As long as healthcare continues to be a societal good hinged on our belief that it should be a right for all irrespective of the ability to pay, health care services will not be tradable like every other good or service. When it’s defined as a societal good, healthcare is too easy a target to profit from; and making a quick buck out of it is not a terribly difficult thing to do; unfortunately such profiteering tends to be antithetical to larger societal interests. Either the profits or the common good. Unless we recognise that fact,our confusion with whether the market is the best vehicle for delivery of healthcare will continue to throw up buccaneers like these that try to make a quick buck at the expense of everyone else.

Advertisements

I don’t know what’s wrong with you lady

I think my patient hates me! Okay I will admit I am sure she hates me. If it’s any consolation, she hates all her doctors at the hospital. Up until this morning I’d been thinking she hated me a little less than everybody else, by the afternoon I managed to gravitate right to the top of her hate list.

The 78 year old codgette is not entirely without charm though. This morning, for a change, I wasn’t running around like a squirrel, so during my morning rounds I drew up a chair by her side and had a rather longish conversation. She seemed to appreciate that. She even gave me what looked like a begrudging smile.

Resentment however, was still the overbearing emotion during the entire conversation. The lady thinks she has no business being in the hospital. I don’t blame her for that. She thinks I am keeping her here for no reason.

How would you feel if you were brought to the hospital because your daughter thought you were a little short of breath, and the doctors at the ER admitted you because they found a fever on exam which you never experienced, all the while you never really had any inconvenience or felt anything?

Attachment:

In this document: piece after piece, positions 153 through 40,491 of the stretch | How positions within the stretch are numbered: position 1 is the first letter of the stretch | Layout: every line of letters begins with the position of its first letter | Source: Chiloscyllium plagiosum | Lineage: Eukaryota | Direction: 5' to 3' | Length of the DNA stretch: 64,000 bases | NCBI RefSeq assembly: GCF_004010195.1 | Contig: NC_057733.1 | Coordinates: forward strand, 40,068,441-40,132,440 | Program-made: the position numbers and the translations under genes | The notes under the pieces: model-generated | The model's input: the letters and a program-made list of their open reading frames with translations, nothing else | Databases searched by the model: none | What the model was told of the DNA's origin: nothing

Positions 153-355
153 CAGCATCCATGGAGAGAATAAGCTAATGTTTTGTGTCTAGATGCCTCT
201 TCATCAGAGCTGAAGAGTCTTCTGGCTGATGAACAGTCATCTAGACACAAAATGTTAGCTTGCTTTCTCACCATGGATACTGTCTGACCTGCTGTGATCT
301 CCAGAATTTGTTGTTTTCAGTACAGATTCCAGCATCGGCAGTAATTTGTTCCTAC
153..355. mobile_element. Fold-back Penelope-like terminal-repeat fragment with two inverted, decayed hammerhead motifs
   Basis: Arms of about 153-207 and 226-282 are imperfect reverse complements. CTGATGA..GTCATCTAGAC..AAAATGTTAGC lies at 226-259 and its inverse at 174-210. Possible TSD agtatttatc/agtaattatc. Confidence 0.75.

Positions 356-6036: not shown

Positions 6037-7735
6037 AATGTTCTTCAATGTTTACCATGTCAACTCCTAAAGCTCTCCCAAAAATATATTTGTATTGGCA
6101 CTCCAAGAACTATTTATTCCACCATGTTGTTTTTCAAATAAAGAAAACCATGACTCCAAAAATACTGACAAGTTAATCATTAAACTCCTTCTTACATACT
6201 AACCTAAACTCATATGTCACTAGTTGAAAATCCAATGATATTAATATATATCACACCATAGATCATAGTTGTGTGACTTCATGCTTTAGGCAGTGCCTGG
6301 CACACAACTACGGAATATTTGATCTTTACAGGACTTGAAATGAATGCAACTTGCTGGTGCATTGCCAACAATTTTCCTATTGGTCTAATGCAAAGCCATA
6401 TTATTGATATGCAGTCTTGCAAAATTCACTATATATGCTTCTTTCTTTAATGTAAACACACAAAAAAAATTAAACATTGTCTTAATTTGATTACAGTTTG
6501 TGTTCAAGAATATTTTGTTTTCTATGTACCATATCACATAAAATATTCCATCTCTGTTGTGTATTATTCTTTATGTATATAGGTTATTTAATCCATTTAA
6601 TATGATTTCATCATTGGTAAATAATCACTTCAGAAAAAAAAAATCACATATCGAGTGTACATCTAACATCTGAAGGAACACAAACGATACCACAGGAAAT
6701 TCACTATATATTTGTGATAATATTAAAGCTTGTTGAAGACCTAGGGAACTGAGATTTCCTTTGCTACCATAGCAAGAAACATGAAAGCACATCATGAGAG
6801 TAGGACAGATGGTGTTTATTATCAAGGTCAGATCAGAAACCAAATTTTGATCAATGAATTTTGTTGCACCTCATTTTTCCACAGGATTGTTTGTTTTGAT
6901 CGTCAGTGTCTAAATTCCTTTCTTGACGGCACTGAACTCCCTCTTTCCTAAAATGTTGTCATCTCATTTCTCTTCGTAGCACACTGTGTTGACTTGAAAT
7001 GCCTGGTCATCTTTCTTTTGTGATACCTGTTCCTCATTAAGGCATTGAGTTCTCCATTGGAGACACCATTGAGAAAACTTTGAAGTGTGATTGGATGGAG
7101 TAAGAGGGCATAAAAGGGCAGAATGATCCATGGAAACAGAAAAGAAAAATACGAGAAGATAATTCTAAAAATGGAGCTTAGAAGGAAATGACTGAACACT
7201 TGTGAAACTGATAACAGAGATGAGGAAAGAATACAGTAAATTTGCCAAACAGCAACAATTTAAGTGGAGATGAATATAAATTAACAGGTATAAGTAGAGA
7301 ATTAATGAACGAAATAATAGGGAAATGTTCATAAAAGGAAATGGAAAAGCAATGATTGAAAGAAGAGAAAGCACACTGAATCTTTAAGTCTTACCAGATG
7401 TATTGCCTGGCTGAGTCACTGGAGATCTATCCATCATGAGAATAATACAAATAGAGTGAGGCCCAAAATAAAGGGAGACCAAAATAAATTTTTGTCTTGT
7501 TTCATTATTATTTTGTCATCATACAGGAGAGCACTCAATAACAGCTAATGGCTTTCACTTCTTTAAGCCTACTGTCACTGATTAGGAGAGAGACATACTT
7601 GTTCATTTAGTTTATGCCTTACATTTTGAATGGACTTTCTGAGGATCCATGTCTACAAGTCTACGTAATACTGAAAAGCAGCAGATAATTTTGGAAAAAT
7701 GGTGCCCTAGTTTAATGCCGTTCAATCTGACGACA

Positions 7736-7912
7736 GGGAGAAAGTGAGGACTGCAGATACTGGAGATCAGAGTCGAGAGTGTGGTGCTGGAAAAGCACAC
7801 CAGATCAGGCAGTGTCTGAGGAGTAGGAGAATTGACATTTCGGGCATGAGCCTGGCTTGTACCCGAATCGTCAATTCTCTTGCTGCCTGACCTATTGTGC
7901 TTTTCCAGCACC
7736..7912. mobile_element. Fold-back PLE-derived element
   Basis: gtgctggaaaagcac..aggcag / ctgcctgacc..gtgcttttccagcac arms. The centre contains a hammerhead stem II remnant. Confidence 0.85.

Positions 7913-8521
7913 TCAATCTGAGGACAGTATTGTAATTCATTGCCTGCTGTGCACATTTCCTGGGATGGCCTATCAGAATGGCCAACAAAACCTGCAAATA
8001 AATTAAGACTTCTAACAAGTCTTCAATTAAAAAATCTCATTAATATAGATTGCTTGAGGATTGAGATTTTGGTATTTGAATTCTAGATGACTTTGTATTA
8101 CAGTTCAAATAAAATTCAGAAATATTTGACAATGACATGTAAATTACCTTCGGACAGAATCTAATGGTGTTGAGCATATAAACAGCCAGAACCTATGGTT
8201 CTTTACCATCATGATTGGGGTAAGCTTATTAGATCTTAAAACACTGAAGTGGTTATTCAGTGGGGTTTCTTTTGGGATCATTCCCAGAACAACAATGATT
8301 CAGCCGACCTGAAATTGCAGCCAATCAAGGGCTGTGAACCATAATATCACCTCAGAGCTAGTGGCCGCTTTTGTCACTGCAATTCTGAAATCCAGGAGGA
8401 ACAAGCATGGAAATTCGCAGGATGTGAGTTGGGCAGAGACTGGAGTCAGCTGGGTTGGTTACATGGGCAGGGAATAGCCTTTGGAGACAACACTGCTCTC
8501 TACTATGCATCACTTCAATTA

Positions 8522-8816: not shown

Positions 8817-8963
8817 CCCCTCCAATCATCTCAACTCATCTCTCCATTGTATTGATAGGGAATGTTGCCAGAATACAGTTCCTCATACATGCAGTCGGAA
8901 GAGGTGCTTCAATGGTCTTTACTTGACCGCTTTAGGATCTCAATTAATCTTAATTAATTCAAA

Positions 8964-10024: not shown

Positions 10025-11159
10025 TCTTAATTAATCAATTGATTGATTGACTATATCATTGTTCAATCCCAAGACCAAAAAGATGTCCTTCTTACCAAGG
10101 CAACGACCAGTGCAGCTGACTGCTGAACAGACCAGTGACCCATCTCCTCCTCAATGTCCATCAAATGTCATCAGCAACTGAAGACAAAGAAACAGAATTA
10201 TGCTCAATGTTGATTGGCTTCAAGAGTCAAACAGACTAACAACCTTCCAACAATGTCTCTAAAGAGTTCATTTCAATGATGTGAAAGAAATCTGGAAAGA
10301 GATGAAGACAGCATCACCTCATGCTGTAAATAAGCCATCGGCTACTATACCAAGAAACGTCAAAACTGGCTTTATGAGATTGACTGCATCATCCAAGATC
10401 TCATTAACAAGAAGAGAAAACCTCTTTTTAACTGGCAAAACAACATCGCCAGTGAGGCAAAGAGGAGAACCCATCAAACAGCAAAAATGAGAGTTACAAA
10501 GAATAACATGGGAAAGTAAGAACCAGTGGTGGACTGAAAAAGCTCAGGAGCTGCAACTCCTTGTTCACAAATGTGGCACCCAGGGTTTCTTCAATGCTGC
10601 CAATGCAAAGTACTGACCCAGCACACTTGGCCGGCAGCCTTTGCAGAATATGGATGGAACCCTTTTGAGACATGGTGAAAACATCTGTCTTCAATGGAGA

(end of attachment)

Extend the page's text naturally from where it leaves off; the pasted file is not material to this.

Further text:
Since the admission almost a week ago, it has been just more of the same. Everyday the lady thinks nothing is wrong with her. We however, ever so cautious in tracking the fever, manage to find one spike of fever at least every day that makes us nervous. Okay there are reasons: she is on on an immunosuppressant, and her temperatures records are rather high. However I still don’t have an adequate explanation for the lady.

The enterprising and ever so inquisitive doctors that we are, we never fail to dig. First we start lowbrow, with a simple infection screen. We fail to find anything, and the digging gets deeper. In no while, the digging is walrusian. Yesterday we got a few CT scans, we do the blood works every day. If anything the lady thinks she is starting to get weaker due to the constant blood draw.

I have a hard time justifying all that we are doing. A snippet of our conversation this morning.

Lady: Why are you keeping me here?

Me: You have a high grade fever. We think its viral, but we are not sure. We are trying to find out why.

Lady: So what did you find?

Me: Well, really nothing thus far.

Lady: So what are you going to do now?

I wanted to say we wanted to do a few more tests, but I simply did not have the liver to verbalise that. I kept mum and gave her a vacant stare.

I did not have to. The lady already knows that.

Yesterday the attending physician had ticked her off on a possible spinal tap if the CTs came up to nothing. The lady was livid. We pitch the idea to her daughter. She has been having headaches now. She complains of weakness. And the fevers. With the suppressed immunity, there are reasons to be worried.

The lady half heartedly approves the procedure, all the while not really hiding her indignation toward all of us. We plan the tap for the afternoon today. I tell her not to worry, the procedure will be over in 10 minutes. Let me try that on you first- she retorts!

Afternoon comes. The lady asks who is going to do the procedure. I tell her I will. The lady is incredulous; she invokes the name of god. Her barometer rises, I can see her fuming. Right there I ascend to the top of her hate list.

The procedure thankfully is smooth. I ask the lady to lie down afterward. She does, and our eyes cross. She rolls her eyes away from me. I don’t really have to guess how she feels about me. What are you going to do now, she asks me, while she looks out of the window. I am going home, I tell her. Good for you she says, the sarcasm very visible.

I call up the hospital later in the day to find out the preliminary results of the tap. Everything normal. I can already imagine my conversation with the lady for tomorrow.